"But on land, it does not linger. And a man carrying a lamp through his village does not have to worry about running into floating logs or drifting mountains of ice." He smiled encouragingly. "Only into sleeping dogs and laughing children."

"This is no game." Her expression was grim. "If it gets any thicker or darker, my people won't be able to see well enough to perform their duties." Without being able to see him, she shouted to her first mate, knowing that he was somewhere below on the main deck. "Mr. Kamarkh! Light and set all lamps! And be careful! A burning ship will cut through this fog, but that's not the kind of light I want to see!"

"Ayesh, Captain!" came the mate's stalwart reply.

Moments later, pinpoints of light began to appear throughout the ship: in the rigging, at the ends of spars, atop both masts and along her sides. But so dense and dark had the mist become that they barely shone bright enough to illuminate their immediate surroundings, much less the water through which the Gromsketter was cutting.

"This won't do," Stanager muttered. "Lookouts can't see a thing. Even if they did, it'd be too close to avoid. We're going to have to furl all sail and put out the sea anchor until this thins or lifts."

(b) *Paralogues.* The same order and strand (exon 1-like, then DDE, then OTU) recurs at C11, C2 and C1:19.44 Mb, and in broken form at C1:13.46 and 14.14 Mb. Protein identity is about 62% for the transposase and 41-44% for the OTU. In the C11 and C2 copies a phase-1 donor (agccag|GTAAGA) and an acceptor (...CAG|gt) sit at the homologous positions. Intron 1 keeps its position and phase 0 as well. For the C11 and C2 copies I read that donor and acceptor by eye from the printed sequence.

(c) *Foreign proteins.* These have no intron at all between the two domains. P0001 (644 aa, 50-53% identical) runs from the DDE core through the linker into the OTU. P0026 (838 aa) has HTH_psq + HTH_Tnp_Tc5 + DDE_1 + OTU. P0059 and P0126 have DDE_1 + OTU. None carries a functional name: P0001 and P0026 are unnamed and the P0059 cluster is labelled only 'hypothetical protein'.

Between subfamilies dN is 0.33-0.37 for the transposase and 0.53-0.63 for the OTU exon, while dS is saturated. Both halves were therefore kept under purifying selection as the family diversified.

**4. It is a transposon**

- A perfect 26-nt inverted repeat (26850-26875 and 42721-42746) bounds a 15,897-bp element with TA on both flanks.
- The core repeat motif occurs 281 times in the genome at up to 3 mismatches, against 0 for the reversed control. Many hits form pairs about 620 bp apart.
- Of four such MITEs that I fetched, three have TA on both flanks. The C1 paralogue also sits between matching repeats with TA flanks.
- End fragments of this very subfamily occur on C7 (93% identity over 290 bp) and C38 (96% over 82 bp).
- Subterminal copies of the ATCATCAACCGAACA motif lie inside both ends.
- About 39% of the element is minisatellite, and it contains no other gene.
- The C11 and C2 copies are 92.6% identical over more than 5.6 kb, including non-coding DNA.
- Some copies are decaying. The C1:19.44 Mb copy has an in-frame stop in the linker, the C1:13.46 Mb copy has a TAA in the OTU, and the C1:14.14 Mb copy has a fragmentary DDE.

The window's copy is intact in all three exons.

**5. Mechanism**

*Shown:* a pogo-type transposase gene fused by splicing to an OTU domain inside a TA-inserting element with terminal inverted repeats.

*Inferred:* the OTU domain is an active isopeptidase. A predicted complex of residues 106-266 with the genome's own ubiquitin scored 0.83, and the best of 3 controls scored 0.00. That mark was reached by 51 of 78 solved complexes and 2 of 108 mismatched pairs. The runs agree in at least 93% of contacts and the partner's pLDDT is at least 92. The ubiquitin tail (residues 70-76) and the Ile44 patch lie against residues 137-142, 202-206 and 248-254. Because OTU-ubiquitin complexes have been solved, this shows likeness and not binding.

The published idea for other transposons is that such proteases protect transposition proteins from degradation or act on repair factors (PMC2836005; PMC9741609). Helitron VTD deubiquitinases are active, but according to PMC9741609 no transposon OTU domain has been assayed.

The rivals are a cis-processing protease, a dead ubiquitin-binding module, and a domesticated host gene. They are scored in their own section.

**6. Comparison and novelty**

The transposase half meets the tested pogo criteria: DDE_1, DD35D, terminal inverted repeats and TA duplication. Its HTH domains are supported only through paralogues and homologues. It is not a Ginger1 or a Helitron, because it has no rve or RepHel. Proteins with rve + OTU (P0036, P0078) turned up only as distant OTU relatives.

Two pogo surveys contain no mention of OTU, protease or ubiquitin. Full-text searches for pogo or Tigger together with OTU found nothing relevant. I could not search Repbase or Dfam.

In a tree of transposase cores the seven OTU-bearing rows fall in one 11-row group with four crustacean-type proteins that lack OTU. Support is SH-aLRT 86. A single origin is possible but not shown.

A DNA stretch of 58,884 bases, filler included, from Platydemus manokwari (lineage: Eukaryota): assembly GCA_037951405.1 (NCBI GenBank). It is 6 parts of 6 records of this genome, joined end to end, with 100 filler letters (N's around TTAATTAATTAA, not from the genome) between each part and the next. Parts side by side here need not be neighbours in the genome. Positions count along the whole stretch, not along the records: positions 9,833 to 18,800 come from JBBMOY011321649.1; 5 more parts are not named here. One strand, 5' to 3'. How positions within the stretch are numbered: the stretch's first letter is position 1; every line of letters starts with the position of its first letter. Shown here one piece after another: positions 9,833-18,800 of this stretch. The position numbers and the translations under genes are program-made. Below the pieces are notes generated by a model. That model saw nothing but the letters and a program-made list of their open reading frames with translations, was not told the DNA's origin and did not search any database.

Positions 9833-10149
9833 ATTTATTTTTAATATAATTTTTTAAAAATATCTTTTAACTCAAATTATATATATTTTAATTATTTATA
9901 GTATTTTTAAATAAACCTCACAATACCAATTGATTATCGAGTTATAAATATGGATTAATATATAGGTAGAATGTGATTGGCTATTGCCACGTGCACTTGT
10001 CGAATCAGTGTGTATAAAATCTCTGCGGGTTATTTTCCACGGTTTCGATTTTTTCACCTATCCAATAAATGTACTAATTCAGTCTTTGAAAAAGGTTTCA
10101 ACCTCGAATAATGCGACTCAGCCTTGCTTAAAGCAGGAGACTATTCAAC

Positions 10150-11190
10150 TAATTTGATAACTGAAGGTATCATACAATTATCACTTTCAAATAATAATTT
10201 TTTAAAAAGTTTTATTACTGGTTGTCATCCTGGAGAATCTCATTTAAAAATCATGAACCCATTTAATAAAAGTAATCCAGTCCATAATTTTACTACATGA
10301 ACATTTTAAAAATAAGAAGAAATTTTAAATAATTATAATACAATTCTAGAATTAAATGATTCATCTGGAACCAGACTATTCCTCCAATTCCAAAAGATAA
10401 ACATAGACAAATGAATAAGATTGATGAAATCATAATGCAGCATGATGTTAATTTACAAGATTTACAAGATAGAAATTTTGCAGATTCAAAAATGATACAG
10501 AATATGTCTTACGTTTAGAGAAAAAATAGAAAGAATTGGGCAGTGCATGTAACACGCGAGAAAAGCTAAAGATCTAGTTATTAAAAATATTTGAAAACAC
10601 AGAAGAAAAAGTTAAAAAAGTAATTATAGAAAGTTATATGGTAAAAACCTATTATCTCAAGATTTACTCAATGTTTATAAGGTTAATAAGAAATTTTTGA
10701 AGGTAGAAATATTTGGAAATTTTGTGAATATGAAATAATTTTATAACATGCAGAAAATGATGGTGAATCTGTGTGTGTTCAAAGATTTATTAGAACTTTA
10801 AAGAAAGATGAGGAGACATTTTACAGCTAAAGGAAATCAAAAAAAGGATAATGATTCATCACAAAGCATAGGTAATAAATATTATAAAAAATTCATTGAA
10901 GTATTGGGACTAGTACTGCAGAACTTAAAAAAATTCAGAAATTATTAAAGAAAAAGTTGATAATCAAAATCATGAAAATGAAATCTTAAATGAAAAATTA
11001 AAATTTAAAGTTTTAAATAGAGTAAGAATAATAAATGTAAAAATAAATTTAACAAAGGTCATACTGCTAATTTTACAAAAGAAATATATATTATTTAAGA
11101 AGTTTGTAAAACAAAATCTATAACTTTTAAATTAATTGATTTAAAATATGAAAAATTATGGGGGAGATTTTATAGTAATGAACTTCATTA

"That will cost us time." Ehomba did not phrase it as a question.

"Ayesh. But I've no choice." She stared at him through the gloom. "I won't risk my ship."

"How long do you think before it clears enough to continue?" Simna asked.

Her response was not encouraging. "Impossible to say. Something this intense, it might be days. Or weeks."

"We do not have weeks," Ehomba observed quietly.

"I know. I hope you gentlemen like fish, because if we're forced to remain here for very long, we're going to be eating a lot of it." She turned away from them to give the necessary orders.

"Wait."

Her gaze swung back to the tall passenger. "Wait for what, herdsman? I respect you for what you've done, but don't try to tell me my business."

"I would not think of it. It is only that I would like to try something." He glanced in his friend's direction.

"Simna, would you bring me the sky-metal sword?"

"Would I like to be locked in the Pasha of Har-Houseen's harem for a week?" Elated, the swordsman dashed to the nearest hatch and vanished within as swiftly as a meerkat diving into its burrow.

Stanager eyed her enigmatic passenger warily. "More wind? Should I alert the crew to be ready for some sorceral gale?"

Ehomba sighed heavily. "As I have had to tell my friends repeatedly, there is no sorcery involved. I am only making use of what the wise people of my village have been kind enough to provide me."